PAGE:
Graphic designers can choose to be as specialized or generalized as they like, but as in all creative fields, they need a thorough understanding of the basics. A Coursera Specialization is a series of courses intended to lead students to mastery, building on the history and foundations of the field. You can enroll for free and try out any of the Specializations for 7 days. After that, you’ll be charged between $39-$49 per month until you complete the courses in a Specialization. (Financial aid is available).

The exciting Specializations from CALARTS and the Museum of Modern Art will bring you many steps closer to a new career, or maybe even a new personal passion project.

Note: Open Culture has a partnership with Coursera. If readers enroll in certain Coursera courses and programs, it helps support Open Culture.

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Become a Project Manager Without a College Degree with Google’s Project Management Certificate

Josh Jones is a writer and musician based in Durham, NC. Follow him at @jdmagness

The Vincent van Gogh “Starry Night” LEGO Set Is Now Available: It’s Created in Collaboration with MoMA

Vincent Van Gogh’s The Starry Night is one of the most popular and easily recognized paintings on earth. If you haven’t seen it person, you’ve probably seen it reproduced on a postcard, a tote bag, or a t-shirt.

Musician Sheldon Clarke was a Starry Night virgin when he started working as a security officer at the Museum of Modern Art:

I knew nothing about Vincent or Starry Night before I started working here. And I remember the first time I stood at that painting…first of all, I was so amazed at the reaction of the public. There was always a group of people just fighting to look at it or take pictures or take selfies and I was just curious to know like, who is this painter and why is everyone so excited to see this piece?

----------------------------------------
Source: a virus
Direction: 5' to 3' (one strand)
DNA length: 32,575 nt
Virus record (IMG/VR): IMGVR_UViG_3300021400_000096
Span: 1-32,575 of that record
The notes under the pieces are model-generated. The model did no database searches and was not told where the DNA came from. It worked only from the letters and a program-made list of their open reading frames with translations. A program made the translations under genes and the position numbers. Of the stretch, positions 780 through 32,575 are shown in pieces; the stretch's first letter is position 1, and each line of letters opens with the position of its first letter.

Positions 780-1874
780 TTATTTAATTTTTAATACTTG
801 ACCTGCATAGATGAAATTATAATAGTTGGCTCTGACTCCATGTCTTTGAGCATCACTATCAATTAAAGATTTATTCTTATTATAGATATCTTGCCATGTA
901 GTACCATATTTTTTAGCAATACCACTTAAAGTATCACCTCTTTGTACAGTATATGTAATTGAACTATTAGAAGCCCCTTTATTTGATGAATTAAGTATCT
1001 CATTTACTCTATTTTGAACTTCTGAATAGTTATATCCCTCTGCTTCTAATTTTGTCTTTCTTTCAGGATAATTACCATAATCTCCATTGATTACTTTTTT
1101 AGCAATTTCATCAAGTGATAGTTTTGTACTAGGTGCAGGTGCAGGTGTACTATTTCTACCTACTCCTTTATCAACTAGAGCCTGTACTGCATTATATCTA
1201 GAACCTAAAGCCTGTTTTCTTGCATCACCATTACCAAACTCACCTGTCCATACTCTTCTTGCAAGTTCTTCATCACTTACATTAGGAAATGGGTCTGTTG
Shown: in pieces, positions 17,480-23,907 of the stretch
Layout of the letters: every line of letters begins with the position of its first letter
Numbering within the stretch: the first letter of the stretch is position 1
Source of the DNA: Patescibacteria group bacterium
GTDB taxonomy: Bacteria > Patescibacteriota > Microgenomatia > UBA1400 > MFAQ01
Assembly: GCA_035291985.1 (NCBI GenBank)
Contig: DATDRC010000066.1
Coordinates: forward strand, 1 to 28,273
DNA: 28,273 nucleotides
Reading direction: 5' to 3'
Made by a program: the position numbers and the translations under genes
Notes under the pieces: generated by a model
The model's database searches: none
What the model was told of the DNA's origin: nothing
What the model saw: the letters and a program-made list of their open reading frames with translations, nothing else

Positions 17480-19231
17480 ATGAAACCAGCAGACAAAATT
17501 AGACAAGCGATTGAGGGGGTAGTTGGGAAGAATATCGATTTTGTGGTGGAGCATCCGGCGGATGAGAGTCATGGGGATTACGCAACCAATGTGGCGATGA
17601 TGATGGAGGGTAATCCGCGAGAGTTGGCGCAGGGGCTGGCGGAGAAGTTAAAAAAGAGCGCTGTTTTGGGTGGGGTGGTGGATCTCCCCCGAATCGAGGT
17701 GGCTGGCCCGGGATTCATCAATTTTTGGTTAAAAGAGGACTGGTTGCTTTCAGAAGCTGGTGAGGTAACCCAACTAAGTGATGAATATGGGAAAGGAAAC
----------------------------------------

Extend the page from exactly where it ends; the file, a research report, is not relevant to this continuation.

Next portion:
Now, Clarke is sufficiently well versed to hold forth on both the nature of the artwork and circumstances in which the artist created it. He is, with Senior Paintings Conservator Anny Aviram,  Associate Curator Cara Manes, and Robert Kastler, director of Imaging and Visual Resources, one of four MoMA staffers to give some context, while trying their hands at the new Starry Night LEGO set.

A collaboration between MoMA and LEGO, the set reinterprets Van Gogh’s thick impasto brushwork in 2316 tiny plastic bricks, including a mini figure of the artist, equipped with paintbrush, palette, easel, and an adjustable arm for positioning him at sufficient distance to gain perspective on his world famous work.

The set is the winning entry in a LEGO Ideas competition. Designer Truman Cheng, a 25-year-old LEGO fan and PhD candidate focusing on  medical robotics and magnetic controlled surgical endoscopes. He had long wanted to render The Starry Night in LEGO, bu its execution required a lightbulb moment:

One day, I was just playing with LEGO parts, and I realized that stacking LEGO plates together at random intervals looks a lot like van Gogh’s iconic brush strokes. I couldn’t help but wonder what the full painting would look like with this build style.

As Aviram and Kastler point out, the set cleaves faithfully to Van Gogh’s limited palette. Some LEGO fans report that building up the blue background layers is the most challenging aspect of assembling the 11”x14.5” kit:

I’m 54 and the colors, being kind of close, were playing games with my eyes. LOL This is my favorite LEGO of all time! In closing, if you haven’t heard the song, Vincent  by Don McLean, I suggest you take a listen to this song as you stare at this LEGO masterpiece.

Order LEGO’s Vincent van Gogh – The Starry Night set – currently on back order – from LEGO or from MoMA’s design store.

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Ayun Halliday is the Chief Primatologist of the East Village Inky zine and author, most recently, of Creative, Not Famous: The Small Potato Manifesto.  Follow her @AyunHalliday.